Google Beefs Up Security in Gmail; Now Blocks Gmail Add-ons that Can Spy On Your Messages


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Google is taking security for Gmail to a new level. They recently updated the up with the capability to block third party add-ons that have the capability of snooping in your emails. They did this by implementing something called Content Security Policy, which stops web extensions from running code that has the potential to bypass security.

It's possible that some useful third-party add-ons will be disabled by this upgrade, but either they are legit and will get an update which restores limited functionality, or they were probably something you don't want to begin with. Here's the full quote below from Google's developer blog:

Posted by Danesh Irani, Software Engineer, Gmail Security

We know that the safety and reliability of your Gmail is super important to you, which is why we’re always working on security improvements like serving images through secure proxy servers, and requiring HTTPS. Today, Gmail on the desktop is becoming more secure with support for Content Security Policy (CSP).

There are many great extensions for Gmail. Unfortunately, there are also some extensions that behave badly, loading code which interferes with your Gmail session, or malware which compromises your email’s security. Gmail’s CSP protects you, by stopping these extensions from loading unsafe code.

Most popular (and well-behaved) extensions have already been updated to work with the CSP standard, but if you happen to have any trouble with an extension, try installing its latest version from your browser’s web store (for example, the Chrome Web Store for Chrome users).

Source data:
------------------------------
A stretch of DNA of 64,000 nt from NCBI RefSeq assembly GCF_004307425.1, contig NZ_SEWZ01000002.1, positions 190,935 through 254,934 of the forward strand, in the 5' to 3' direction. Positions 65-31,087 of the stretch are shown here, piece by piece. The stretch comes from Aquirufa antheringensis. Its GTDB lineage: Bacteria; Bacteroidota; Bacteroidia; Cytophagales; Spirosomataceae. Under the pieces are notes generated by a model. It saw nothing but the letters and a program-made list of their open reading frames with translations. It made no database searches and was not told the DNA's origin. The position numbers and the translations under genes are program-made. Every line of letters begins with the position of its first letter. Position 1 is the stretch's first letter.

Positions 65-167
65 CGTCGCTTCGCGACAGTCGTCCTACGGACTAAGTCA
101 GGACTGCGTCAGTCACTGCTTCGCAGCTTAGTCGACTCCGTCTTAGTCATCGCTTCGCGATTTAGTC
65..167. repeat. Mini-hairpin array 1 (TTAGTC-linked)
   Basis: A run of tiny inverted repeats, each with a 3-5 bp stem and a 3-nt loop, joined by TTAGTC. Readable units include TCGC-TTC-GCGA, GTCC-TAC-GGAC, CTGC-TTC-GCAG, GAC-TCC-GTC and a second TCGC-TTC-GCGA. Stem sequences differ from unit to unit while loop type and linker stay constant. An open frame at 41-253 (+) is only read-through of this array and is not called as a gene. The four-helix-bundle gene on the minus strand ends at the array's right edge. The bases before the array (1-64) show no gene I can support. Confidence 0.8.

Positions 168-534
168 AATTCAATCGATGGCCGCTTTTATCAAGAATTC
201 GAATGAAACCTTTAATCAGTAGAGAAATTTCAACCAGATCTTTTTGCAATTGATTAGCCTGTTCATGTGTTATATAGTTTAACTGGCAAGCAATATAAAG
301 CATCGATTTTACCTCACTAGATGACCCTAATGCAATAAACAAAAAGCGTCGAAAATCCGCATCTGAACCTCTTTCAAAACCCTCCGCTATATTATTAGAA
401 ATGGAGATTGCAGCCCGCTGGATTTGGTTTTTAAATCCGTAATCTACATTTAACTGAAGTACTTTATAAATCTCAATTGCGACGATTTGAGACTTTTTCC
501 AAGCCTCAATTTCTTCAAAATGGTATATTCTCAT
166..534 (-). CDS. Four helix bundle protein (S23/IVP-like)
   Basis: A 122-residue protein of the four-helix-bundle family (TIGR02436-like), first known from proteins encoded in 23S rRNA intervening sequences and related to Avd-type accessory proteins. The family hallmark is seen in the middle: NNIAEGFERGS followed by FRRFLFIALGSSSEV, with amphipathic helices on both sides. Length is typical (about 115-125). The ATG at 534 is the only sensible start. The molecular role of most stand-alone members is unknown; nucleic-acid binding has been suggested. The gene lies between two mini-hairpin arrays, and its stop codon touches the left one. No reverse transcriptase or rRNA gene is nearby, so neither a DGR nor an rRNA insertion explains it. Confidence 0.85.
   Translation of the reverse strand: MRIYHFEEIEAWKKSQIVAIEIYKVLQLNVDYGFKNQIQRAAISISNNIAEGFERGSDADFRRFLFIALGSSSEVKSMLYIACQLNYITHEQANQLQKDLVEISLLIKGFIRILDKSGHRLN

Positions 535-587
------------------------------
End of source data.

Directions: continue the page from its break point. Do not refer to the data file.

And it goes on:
CSP is just another example of how Gmail can help make your email experience safer. For advice and tools that help keep you safe across the web, you can always visit the Google Security Center.

Sound off and let us know if you use any third party add-ons for your Gmail.

Source: Official Gmail Blog


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May 26, 2011
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Yeah-Google doesn't want anyone but themselves spying on you. ;)


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Well in Google's defense, they will only spy on the content but the author and recipients remain anonymous. Third party apps are another story. Since they are free to write the code as they choose, they could be taking a far less anonymous approach. They might even collect sensitive personal data so limiting access to them is highly advisable.